Mr Dawson: And as part of your role, I understand that you were a member of a group that we’ve heard a little bit about already, the Scottish Government Covid Advisory Group; is that correct?

Mr Halliday: Yeah, from, until January 2021.

Mr Dawson: And you were a member of some other groups, something called the Scottish Covid chiefs group, until April 2022?

Mr Halliday: That’s right.

Mr Dawson: And something called the Scottish Covid Data and Intelligence Network delivery group; is that correct?

Mr Halliday: That’s right.

Mr Dawson: You also attended meetings of a group that we’ve heard of called SGoRR?

Mr Halliday: From time to time. I wasn’t a standing member.

Mr Dawson: Thank you. And you also attended Cabinet meetings.

Mr Halliday: Again, from time to time.

Mr Dawson: How was it determined when you would attend SGoRR or Cabinet meetings?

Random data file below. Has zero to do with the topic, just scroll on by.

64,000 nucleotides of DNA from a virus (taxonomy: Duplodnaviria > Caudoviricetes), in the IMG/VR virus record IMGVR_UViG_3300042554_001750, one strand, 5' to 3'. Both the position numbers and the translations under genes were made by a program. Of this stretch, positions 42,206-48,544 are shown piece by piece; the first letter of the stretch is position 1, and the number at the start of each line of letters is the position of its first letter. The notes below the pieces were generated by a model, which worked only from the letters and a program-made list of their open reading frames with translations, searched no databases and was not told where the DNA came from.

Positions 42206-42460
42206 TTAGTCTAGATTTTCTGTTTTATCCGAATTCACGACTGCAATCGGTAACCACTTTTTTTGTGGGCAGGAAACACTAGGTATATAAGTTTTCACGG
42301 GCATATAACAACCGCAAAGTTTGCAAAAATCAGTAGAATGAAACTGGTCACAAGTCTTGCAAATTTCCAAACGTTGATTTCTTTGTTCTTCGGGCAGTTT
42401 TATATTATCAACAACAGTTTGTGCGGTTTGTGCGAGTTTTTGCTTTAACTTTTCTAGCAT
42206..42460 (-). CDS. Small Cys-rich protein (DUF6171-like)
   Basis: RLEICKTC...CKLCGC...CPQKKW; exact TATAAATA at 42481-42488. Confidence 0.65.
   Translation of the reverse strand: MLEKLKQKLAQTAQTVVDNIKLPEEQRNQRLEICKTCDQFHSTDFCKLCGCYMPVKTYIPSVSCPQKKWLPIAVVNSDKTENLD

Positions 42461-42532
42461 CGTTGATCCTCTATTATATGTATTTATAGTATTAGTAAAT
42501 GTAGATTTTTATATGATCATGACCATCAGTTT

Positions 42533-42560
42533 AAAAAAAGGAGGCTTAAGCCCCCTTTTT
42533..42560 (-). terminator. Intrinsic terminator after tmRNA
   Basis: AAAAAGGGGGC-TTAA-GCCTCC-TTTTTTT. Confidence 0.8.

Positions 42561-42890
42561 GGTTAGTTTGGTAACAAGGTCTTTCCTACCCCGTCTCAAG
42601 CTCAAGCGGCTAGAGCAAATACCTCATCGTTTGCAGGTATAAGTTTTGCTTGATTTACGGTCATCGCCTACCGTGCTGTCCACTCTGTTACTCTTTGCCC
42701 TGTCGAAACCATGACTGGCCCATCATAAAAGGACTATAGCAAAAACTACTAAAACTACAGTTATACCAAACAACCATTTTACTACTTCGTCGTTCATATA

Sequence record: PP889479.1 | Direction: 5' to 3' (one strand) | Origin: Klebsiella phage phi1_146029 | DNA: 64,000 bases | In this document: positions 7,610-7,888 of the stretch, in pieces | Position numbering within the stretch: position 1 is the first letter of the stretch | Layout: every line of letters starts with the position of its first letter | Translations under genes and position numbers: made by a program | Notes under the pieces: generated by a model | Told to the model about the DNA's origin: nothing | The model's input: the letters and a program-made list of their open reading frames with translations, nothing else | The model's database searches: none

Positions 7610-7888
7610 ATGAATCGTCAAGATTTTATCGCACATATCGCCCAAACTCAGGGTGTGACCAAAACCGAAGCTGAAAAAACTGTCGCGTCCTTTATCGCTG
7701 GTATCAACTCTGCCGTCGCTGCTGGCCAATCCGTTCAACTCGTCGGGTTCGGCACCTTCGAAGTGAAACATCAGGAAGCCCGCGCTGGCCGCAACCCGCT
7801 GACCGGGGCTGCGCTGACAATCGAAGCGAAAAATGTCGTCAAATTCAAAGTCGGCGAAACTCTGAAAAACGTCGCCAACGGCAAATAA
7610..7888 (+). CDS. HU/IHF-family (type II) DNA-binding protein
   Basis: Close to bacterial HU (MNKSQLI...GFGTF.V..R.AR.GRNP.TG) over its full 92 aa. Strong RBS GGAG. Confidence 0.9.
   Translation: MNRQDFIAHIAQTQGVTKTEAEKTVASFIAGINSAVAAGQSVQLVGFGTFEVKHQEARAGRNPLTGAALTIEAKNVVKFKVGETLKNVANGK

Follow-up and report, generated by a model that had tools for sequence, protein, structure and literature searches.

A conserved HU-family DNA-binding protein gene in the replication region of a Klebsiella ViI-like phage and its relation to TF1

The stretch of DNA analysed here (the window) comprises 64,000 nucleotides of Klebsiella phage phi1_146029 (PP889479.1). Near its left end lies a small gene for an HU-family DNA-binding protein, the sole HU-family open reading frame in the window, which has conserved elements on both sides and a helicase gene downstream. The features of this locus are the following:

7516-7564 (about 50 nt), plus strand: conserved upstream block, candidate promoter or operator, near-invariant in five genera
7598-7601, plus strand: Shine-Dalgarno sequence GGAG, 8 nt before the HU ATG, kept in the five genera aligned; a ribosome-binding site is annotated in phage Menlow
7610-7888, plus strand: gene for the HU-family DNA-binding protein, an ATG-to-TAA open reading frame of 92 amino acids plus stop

Mr Halliday: When there was relevant evidence or data that I or my team collated that was relevant to the agenda of those meetings.

Mr Dawson: Thank you.

Mr Heald, if I could just run through a similar background to you. Over the course of the period on which this module is focused, you were the associate director and head of profession for statistics at the Information Statistics (sic) Division, which was incorporated into PHS when it became operational in April 2020; is that correct?

Mr Heald: That’s correct.

Mr Dawson: You continued when PHS was formed and became the interim contact tracing director from May 2020 to January 2021?

Mr Heald: That’s correct.

Mr Dawson: You were the chief officer from January 2021 to May 2021?

Mr Heald: That’s correct.

Mr Dawson: Since June 2021 your title has been director for data and digital information?